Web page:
Travelling light. How it trips off the tongue, so easy to say... so darned near impossible to do.
Men might be able to throw a couple of pairs of shorts, some tees and a lurid print short-sleeve shirt into a holdall and then be all “hey, good to go”, but for women, this whole minimalist thing poses problems.
However, for those taking a rolling stone, see-the-world type of extended holiday, it’s simply not possible. Among my own acquaintance, these long, move-around breaks seem to be on the increase. Every week, I hear of someone shutting up home and heading off somewhere exciting, or mildly interesting, for a few months or longer. It might be a gap year before or after university, a pre “trying for a baby” sabbatical, a post-redundancy impulse to flee, a mid-life crisis avoidance road trip, a retirement indulgence plan or a “let’s do it before we’re too old to hobble” adventure. All ages are at it, and sometimes it’s those you least expect it of.
When it comes to dressing for an extended trip, there are slightly different considerations than for a week or fortnight’s holiday to a destination with an endless supply of taxis. Clothes must be hard-working, easily washable, lightweight and durable.
The High Street is jam-packed full right now with summer-ready layering pieces, perfect for packing, unrolling and putting on so you’re good to go, as I found when I went on a road trip (okay, an aisle trip) of my own to put together the seven outfits for this shoot.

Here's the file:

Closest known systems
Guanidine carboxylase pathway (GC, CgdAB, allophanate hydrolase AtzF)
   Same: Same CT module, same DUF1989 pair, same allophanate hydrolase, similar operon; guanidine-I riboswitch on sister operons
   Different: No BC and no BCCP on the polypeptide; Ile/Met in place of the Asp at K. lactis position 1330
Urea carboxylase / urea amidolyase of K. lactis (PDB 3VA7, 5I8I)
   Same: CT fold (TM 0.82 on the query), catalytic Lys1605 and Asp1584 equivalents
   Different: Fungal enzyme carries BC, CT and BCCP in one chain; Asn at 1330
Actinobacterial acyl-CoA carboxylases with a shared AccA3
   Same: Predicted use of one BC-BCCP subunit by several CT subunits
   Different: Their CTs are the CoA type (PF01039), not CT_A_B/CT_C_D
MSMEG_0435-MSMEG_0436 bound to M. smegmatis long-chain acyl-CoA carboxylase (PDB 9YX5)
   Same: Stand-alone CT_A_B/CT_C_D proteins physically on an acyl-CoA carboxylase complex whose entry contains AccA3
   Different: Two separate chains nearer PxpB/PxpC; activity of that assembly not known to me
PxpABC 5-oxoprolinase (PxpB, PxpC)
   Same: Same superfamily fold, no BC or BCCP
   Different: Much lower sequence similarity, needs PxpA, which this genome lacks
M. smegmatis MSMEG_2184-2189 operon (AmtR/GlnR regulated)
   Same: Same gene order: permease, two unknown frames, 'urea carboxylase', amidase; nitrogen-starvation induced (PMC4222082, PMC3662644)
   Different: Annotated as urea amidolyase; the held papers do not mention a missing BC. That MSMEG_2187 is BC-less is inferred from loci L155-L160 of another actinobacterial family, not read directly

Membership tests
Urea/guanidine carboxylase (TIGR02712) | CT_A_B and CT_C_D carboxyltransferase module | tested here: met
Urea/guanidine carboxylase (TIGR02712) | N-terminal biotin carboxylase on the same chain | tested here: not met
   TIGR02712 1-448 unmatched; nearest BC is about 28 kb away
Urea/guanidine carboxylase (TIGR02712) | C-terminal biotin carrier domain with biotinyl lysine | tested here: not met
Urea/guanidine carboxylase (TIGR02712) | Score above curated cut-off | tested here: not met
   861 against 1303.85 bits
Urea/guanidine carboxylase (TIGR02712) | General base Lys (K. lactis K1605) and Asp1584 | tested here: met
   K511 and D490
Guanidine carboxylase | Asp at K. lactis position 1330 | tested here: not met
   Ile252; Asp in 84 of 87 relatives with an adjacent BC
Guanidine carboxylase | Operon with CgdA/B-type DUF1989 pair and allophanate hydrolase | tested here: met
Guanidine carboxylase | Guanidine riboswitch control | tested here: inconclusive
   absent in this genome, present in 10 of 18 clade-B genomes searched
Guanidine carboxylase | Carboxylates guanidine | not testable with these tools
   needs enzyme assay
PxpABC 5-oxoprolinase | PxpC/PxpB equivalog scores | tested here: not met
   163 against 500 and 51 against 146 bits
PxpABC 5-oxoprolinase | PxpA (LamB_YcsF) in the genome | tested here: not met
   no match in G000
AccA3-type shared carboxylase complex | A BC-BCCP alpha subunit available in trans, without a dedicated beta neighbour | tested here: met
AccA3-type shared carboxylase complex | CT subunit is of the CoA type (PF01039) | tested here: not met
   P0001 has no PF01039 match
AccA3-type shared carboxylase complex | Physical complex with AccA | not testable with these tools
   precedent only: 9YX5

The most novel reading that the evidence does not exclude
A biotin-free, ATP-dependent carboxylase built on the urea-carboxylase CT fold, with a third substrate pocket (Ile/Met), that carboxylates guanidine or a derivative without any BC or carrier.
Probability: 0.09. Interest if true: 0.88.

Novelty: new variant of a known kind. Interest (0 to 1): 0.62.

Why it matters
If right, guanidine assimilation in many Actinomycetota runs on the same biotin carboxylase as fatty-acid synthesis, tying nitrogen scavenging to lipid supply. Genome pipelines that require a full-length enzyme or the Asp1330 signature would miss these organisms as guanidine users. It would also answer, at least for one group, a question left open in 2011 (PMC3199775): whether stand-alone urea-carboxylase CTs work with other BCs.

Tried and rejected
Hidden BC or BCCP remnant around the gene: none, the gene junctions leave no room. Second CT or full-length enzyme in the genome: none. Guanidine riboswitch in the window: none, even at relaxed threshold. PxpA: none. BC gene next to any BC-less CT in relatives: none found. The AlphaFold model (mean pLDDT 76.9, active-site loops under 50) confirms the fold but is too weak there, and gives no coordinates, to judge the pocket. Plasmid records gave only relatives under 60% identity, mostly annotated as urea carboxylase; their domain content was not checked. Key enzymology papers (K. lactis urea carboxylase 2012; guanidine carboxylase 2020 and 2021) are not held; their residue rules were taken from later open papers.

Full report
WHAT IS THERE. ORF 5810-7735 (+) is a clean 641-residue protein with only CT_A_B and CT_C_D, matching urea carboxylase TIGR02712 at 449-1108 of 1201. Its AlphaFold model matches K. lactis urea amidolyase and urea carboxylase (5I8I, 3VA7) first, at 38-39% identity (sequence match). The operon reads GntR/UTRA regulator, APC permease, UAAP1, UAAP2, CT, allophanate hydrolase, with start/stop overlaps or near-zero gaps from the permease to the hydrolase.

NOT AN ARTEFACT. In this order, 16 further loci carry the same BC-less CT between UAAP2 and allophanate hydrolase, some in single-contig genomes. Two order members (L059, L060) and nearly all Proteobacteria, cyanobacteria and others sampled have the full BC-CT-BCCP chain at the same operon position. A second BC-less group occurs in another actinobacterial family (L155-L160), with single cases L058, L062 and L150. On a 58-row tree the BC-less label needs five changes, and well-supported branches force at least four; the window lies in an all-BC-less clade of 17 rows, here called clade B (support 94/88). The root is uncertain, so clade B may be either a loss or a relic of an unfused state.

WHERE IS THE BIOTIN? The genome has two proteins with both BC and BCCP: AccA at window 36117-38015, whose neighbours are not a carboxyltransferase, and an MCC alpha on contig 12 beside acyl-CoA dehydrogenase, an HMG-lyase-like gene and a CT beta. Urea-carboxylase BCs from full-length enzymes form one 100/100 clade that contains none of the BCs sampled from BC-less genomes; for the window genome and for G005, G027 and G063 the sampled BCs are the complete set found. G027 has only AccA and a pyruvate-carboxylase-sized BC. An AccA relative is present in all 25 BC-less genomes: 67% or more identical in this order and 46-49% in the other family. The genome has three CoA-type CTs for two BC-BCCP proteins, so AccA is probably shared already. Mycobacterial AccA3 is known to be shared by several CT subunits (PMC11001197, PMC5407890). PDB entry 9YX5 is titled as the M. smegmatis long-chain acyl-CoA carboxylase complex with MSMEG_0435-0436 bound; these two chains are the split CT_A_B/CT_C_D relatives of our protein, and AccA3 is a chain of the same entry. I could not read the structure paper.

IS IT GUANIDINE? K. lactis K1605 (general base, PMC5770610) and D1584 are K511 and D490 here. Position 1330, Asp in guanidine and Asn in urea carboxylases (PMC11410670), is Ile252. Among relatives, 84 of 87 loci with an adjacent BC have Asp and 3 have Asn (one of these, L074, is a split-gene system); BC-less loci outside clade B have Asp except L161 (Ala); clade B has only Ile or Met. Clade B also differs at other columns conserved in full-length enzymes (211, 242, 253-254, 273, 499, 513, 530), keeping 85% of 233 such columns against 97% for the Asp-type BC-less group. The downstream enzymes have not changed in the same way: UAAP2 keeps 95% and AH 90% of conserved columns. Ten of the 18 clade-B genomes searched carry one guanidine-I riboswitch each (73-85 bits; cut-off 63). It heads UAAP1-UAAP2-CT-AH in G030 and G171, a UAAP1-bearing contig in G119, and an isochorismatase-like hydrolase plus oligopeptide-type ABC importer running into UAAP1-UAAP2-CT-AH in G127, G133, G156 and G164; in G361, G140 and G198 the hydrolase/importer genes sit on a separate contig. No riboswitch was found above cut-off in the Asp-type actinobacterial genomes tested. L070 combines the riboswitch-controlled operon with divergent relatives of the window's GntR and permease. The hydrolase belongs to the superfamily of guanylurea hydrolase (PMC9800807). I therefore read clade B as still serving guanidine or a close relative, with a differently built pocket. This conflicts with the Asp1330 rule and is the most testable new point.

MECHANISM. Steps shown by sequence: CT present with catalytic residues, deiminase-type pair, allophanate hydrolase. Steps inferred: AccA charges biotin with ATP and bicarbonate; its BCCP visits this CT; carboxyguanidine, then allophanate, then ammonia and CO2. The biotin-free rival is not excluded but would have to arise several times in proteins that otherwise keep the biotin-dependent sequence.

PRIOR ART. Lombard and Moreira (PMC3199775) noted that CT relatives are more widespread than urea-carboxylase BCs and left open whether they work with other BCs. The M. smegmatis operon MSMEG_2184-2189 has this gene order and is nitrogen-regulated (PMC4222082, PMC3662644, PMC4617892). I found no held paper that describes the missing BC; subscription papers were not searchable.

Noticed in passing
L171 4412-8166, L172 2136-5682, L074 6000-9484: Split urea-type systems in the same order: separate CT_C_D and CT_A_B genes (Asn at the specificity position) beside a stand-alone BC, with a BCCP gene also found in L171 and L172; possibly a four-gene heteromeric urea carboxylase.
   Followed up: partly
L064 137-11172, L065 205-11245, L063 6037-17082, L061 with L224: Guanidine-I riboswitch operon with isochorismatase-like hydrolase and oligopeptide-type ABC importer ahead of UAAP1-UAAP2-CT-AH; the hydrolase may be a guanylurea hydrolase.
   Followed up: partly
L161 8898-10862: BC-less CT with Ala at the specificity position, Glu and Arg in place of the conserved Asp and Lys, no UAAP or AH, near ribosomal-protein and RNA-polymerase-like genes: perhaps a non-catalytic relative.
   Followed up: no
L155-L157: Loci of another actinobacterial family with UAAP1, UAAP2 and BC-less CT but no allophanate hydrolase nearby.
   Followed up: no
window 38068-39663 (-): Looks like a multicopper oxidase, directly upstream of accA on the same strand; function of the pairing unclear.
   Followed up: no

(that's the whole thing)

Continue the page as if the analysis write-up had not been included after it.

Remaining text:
Since it opened in March 2013, at a cost of £350m, Trinity Leeds has seen almost 50 million visitors mill through its airy walkways, shopping and stopping beneath its vast glass domes. Whatever the weather, it’s always filled with light. It’s almost impossible to remember the city centre without it now, and for me, it’s made High Street shopping in Leeds an absolute pleasure, rather than the chore, frankly, that it used to be.
The centre also provided the perfect solution when searching for suitable backdrops for our shoot (budgets sadly not allowing for genuine exotic locations). Trinity Kitchen opened in October 2013 as a place to chill and recharge while taking a culinary trip around the world. It has hosted nearly 100 street food vendors since then and there are several permanent restaurants, including Pho Café for Vietnamese food; Rola Wala for Indian street food with a twist; Chip + Fish; Tortilla and Chicago Rib Shack for Mexican and American food, respectively. There are also independent street food traders with “shacks” and vans, which change on a monthly basis, and these proved especially atmospheric as backdrops for our shoot. Plus there are street and bar games to play and graffiti-style murals to catch the eye. Full of colour and vibrant bustle, plus the sight, sounds and aromas of delicious foods from far-flung locations, it’s worth bearing in mind as the place to head to if you’re yearning for a taste of the exotic, but don’t have the funds or the time to do so.
As for those of you who are looking forward to an extended travelling break, good luck. Make sure you have the adventure of your life.
Concept and styling: Stephanie Smith
Pictures: James Hardisty
Hair: Eboni Day at West Row, which has salons in Leeds and across Yorkshire; www.westrowhair.com.
Make-up: Emma Worrall at Illamasqua, which has a store in the Victoria Quarter in Leeds; www.illamasqua.com.
Model: Naomi Roberts at Boss in Manchester.
Location: Trinity Kitchen at Trinity Leeds shopping centre. With thanks to Holly Skelton and Aimee Sutcliffe.